Dudes aren’t the only ones who rule the halfpipe. Kelly Clark, who won the gold medal in Salt Lake City in 2002, is ready to cap off an astounding Olympic career when the women drop in for medals on Thursday.
Clark, in fact, became the first U.S. snowboarder to qualify for her spot on Team USA when she won her second consecutive title at the U.S. Snowboarding Grand Prix in Mammoth, Calif., in January. She is the only American rider to have qualified for three Winter Games.
“I am actually thankful for the experiences that I’ve had and the wide range that they’ve been,” Clark, 26, tells PEOPLE. “I’ve had the heights of the success and everything you can dream of, and I’ve had the ultimate heartbreak, getting fourth place in an Olympic Games [in 2006]. Having been through both of those experiences, going into these Games, I know I am going be just fine no matter what happens, and I feel like it’s actually given me a whole lot of freedom.”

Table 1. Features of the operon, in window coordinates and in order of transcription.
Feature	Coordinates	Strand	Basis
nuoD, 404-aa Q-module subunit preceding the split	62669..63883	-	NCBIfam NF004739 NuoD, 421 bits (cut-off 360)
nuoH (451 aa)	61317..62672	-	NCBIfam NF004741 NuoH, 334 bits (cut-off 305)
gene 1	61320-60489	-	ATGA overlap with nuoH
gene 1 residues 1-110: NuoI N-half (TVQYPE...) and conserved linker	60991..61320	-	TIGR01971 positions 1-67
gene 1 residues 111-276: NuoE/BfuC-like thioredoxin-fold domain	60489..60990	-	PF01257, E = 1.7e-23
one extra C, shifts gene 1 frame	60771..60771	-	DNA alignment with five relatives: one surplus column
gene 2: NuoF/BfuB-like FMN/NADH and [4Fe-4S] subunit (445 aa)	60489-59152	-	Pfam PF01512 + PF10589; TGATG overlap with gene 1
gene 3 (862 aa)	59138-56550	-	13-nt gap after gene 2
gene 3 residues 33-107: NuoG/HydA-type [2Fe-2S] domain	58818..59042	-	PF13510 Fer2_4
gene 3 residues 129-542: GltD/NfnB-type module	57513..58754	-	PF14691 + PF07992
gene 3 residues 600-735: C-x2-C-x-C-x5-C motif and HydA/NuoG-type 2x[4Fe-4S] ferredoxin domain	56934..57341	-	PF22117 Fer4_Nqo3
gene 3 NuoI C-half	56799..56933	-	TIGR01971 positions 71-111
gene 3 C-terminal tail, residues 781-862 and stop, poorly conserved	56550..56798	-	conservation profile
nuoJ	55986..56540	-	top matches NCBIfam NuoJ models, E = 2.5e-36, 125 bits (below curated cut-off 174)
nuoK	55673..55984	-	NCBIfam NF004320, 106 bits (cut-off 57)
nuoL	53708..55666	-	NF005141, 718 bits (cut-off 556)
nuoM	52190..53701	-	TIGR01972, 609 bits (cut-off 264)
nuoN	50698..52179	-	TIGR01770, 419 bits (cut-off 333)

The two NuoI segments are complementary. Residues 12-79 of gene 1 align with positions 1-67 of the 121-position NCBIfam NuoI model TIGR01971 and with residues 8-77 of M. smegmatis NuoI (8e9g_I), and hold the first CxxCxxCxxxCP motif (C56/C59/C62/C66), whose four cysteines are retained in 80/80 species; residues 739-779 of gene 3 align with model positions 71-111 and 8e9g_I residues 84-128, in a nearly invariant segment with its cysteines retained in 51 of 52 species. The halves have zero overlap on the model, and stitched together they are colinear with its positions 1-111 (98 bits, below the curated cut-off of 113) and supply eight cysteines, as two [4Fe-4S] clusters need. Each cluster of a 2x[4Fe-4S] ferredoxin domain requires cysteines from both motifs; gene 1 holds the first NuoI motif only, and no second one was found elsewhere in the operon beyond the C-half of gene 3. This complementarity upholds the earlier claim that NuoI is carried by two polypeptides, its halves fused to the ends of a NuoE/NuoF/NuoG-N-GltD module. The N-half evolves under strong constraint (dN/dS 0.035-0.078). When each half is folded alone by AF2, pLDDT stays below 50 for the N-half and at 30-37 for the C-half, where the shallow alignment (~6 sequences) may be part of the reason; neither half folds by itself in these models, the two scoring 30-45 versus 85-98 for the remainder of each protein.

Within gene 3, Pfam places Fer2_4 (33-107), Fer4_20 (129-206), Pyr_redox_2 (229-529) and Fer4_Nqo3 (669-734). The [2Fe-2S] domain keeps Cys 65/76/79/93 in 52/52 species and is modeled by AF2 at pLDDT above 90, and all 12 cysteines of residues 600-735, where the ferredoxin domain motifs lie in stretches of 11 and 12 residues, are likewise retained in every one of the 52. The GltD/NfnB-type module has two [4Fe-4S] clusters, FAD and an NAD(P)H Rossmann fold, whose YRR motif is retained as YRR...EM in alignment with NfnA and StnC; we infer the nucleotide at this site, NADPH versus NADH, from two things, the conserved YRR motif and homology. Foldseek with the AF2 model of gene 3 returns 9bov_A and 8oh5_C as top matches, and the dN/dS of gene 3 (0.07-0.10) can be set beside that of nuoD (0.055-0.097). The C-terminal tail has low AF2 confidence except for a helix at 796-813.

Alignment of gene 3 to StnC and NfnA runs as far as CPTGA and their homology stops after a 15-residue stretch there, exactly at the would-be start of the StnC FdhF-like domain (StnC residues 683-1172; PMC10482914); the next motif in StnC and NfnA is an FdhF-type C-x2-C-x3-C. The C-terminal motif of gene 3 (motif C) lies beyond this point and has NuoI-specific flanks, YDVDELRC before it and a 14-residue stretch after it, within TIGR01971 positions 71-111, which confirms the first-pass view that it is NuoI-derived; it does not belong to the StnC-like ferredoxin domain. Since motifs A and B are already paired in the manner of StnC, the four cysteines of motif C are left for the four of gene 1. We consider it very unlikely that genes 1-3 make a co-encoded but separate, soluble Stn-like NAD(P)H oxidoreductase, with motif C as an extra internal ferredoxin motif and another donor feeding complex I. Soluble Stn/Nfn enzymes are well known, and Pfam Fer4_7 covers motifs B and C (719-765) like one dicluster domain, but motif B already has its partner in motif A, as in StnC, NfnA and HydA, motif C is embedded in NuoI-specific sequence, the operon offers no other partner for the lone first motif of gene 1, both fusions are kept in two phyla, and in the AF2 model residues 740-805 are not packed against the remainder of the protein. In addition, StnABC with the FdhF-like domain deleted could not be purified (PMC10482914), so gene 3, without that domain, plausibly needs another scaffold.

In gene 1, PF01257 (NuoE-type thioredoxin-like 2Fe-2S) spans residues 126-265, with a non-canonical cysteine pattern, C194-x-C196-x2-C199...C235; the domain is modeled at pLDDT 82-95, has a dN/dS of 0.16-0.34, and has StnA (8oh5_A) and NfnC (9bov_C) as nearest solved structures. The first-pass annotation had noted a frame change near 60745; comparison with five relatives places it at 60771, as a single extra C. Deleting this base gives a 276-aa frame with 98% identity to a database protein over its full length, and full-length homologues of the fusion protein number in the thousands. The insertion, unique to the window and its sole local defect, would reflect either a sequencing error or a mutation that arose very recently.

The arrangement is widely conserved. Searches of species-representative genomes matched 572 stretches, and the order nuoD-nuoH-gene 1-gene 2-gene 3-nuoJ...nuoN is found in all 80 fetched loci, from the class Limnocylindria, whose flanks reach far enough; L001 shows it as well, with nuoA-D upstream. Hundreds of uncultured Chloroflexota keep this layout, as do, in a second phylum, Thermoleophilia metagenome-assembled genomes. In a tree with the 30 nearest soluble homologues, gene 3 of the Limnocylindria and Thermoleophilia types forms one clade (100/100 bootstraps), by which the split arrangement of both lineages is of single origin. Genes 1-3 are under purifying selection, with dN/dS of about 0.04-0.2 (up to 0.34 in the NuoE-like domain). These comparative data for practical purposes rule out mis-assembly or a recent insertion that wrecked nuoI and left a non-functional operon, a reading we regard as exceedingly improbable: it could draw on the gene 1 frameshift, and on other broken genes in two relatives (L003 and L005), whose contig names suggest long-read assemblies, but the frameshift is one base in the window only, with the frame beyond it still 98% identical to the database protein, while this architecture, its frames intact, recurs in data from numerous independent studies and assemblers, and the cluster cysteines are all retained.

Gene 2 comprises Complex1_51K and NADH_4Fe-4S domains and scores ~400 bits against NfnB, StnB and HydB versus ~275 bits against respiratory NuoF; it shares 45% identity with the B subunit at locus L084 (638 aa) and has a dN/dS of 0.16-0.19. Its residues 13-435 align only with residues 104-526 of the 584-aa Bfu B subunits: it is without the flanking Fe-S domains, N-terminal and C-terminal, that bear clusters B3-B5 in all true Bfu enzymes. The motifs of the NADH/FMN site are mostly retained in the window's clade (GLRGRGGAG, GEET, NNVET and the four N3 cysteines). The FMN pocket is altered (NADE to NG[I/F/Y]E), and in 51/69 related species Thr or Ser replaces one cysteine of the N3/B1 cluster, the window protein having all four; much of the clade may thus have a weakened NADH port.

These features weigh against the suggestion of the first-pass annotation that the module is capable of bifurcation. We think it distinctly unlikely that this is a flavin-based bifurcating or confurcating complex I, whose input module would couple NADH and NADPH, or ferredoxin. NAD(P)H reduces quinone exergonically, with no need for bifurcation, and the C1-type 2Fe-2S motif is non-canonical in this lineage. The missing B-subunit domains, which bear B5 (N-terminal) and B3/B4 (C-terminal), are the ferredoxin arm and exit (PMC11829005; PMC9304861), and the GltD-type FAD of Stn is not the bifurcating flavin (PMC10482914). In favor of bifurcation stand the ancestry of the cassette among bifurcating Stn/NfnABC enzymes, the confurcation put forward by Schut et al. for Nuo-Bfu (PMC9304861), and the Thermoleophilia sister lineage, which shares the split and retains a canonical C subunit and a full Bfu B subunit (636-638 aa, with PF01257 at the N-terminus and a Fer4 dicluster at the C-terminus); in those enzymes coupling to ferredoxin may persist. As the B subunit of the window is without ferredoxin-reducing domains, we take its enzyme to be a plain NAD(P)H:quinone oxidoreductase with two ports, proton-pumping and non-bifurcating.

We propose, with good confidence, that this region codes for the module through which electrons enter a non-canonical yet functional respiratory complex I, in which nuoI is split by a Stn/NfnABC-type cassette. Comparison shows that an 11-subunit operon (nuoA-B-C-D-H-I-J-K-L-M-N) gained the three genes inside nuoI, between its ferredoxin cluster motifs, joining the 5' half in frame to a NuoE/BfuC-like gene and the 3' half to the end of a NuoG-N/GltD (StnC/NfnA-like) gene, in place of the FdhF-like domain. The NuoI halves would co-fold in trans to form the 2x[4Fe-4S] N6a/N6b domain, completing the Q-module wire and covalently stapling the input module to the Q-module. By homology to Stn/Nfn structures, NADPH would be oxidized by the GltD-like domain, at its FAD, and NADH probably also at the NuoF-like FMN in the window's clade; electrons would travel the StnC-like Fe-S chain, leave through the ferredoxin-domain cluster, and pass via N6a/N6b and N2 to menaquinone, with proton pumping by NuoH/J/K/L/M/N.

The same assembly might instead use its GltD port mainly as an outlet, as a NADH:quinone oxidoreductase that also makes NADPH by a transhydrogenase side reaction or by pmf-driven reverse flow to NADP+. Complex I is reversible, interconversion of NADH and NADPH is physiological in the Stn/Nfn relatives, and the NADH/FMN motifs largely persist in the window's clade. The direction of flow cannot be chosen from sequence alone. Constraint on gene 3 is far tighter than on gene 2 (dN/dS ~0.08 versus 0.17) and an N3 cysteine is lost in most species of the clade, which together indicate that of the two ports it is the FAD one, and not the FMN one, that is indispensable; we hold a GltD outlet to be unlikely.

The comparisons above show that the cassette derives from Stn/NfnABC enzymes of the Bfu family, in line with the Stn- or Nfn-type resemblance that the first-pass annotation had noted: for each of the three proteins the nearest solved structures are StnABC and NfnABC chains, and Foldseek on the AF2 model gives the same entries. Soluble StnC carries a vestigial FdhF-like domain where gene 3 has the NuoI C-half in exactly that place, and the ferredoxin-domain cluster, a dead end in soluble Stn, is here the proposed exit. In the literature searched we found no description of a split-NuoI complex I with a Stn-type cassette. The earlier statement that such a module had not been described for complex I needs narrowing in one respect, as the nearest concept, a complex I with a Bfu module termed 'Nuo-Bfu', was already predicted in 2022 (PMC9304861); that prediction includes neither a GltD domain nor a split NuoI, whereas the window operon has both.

And like her male counterparts, Clark knows you have to go even bigger this time than in past Games. “In Torino, you could have gotten away with one big trick,” she says, “but in Vancouver, you’re going to need to have a very complete run with amplitude and style and a few technical tricks, not just one big one.”
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Luckily for Clark, who resides in Mammoth Lakes, Calif., she will have a lot of her East Coast family in the snow to cheer her on, and a best friend from New Zealand is flying in, too.
“I am looking forward to a large support group,” she says, “and I think 10 to 15 friends are coming in from Mammoth Lakes. I am sure some of them will make signs and hopefully they will get together and cheer the loudest so I know where they are!”
While in Vancouver, Clark is staying in a house with other snowboarders, including PEOPLE.com blogger Louie Vito.
Once the halfpipe events are finished, “I am planning on staying through closing ceremonies,” Clark says, “and I know they have an aquarium and I know me and my teammates will go to a bunch of events after. After I am done, I will be able to enjoy Vancouver more.”
And then, she will hurry home as fast as possible with a very trusty travel companion – a specially adorned Brookstone pillow. “I think that’s one of the most travelled pillows on the planet,” she says. “My mom made the case for it out of an old dishrag. It sounds pretty bad but it’s really soft, the softest dishrag you ever saw!”
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